TB Guidelines

DSSA GUIDELINES ON TB PROPHYLAXIS AND THERAPY IN THE CONTEXT in the context of use of anti TNF drugs and other biologics where used in South Africa.
1) Ensure the appropriate indications for use
2) Unique problems faced in the South African Situation.
a) Exposure - All of us exposed to tuberculosis at some time
b) Latency - It is crucial to determine the latency status pre use of biologic therapy.
Data suggests that in immuno-compromised patients, treatment with prophylaxis can reduce TB by 70% when patients are compliant.

Definition and diagnosis of the LATENT state. This implies treatment is essential

i) Assessment of Lantency
(a) Mantoux (TST) - the most essential component
  • Induration > 5mm = positive (induration.) =and implies latent TB.
  • All new patients to be tested BEFORE anti TNF Rx or any other biologic therapy
  • In paediatrics -If at baseline a negative test is recorded, then we advise retest every 12 months, as this tests for exposure.
  • In adults no data is available re retest.
  • (b) CXR - The main role is  to exclude active disease.
    (c) Quantiferon-TB (QFT)
  • No cross reactivity in previously BCG Vaccinated patients
  • QFT results may be confirmed with TST
  • Must be conducted simultaneously to, or prior to TST
  • Although QFT is not recommended for confirmation of TST results, QFT can be used for surveillance <12 months after a negative TST, if the initial QFT is negative
  • Not indicated where active TB is suspected

  • ii) Treatment choice for latency:
    (a) INH - RIF combined - The benefit may last longer - in HIV patients, benefit is observed for up to 3 years.
    (b) INH alone - protected for 1 year in HIV patients.
  • CDC guidelines - Advise INH at least 6 months minimum 9 months desirable.

  • Combination Rifampicin - INH for 3 months, is advised in certain circumstances only. This applies where early initiation of therapy considered absolutely vital i.e. with aggressive disease.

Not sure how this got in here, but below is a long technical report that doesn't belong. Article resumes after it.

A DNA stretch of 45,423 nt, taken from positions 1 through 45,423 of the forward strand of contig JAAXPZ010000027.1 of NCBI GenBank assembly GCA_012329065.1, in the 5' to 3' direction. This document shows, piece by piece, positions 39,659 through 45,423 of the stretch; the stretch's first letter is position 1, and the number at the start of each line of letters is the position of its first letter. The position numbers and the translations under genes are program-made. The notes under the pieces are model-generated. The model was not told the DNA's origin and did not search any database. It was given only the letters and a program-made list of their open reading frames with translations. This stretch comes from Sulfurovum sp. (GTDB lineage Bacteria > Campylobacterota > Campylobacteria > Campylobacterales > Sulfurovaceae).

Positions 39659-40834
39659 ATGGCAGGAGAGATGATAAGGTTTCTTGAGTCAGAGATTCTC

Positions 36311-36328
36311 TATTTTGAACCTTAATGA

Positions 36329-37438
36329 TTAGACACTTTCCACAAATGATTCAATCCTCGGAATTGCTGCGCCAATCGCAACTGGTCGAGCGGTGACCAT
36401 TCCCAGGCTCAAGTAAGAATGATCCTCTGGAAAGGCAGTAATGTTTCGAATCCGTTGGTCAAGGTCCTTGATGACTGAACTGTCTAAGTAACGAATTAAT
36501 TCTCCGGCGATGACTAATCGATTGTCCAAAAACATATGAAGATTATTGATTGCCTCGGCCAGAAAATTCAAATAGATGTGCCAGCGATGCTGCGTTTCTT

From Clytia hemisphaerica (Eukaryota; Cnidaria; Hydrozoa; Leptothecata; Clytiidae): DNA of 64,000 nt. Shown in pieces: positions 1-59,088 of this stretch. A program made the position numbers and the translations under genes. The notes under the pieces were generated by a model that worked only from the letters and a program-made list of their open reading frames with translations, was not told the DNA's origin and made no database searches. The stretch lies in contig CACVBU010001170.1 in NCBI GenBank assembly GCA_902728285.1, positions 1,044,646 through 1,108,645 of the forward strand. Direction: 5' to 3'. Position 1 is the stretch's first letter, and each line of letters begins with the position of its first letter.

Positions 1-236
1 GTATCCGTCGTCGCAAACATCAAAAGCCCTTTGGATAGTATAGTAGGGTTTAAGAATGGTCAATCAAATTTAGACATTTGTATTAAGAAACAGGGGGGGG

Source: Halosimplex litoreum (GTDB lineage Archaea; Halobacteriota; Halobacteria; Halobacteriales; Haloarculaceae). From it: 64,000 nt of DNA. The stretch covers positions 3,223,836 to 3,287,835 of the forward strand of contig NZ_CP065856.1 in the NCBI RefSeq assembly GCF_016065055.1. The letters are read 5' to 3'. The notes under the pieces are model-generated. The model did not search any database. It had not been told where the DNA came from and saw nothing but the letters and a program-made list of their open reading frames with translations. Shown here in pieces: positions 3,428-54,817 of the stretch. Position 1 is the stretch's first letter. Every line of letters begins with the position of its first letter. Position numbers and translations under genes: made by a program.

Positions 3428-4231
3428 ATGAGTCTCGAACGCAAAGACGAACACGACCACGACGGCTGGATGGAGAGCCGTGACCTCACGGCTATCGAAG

• (c) Duration of treatment.
  • See clause (a) and (b).

  • (d) Time to start anti-TNF after latency treatment started
  • Information limited. No data available
  • recommend full treatment but practitioner judgement allowed vs. activity of disease
  • INH - RIF regimen may be more useful here as shorter regimen.
  • (e) Monitoring of prophylaxis treatment.
  • Concerns regarding treatment of latent status
  • Hepatotoxicity - more significant in methotrexate co therapy.
    (i) Liver function testing
    1. ALT at baseline. Minimum testing - MONTHLY if baseline abnormal. 1% of INH patients will get increase in enzymes. Monitor Levels of ALT
    a. If >3 x with symptoms - stop
    b. If > 5 times without symptoms - stop.
    2. Education of patient regarding symptoms to suggest toxicity - i.e. nausea, vomiting, upper quadrant pain, dark urine..etc.
  • Drug resistance - not considered a problem if TB Rx becomes required.
  • iii) Repetition of screening program
    (a) There is no evidence in adults of benefit to rescreening the MANTOUX -.

    c) Active disease
    i) Must exclude in all case..... as there is absolute contraindication to TNF Rx.
    ii) To determine if active TB is present
    (a) If there is a history of previously treated TB - ensure no active disease. Anti TNF Rx is allowed if the patient had > 6 months of full therapy, or the disease was in the distant / remote past. Role for empirical latency treatment in these cases is unclear as there is no data available.
    (b) Diagnosis of active disease:
  • CXR: If abnormal.
  • Symptoms: Cough > 2 weeks
  • Sputa if obtainable - plus culture (4 weeks.)
  • iii) Treatment in disease whilst on TNF.
    (a) Diagnosis and Treatment in Patients with TNF drug Rx in situ.
  • Vigilance.
  • Beware of atypical disease / presentation.
  • Extra pulmonary.
  • Unusual histology - poor granuloma formation.
  • STOP TNF drug.
  • No reintroduction until TB therapy completed.
  • 3) Ongoing vigilance in all patients on therapy is required at all times- even if MANTOUX negative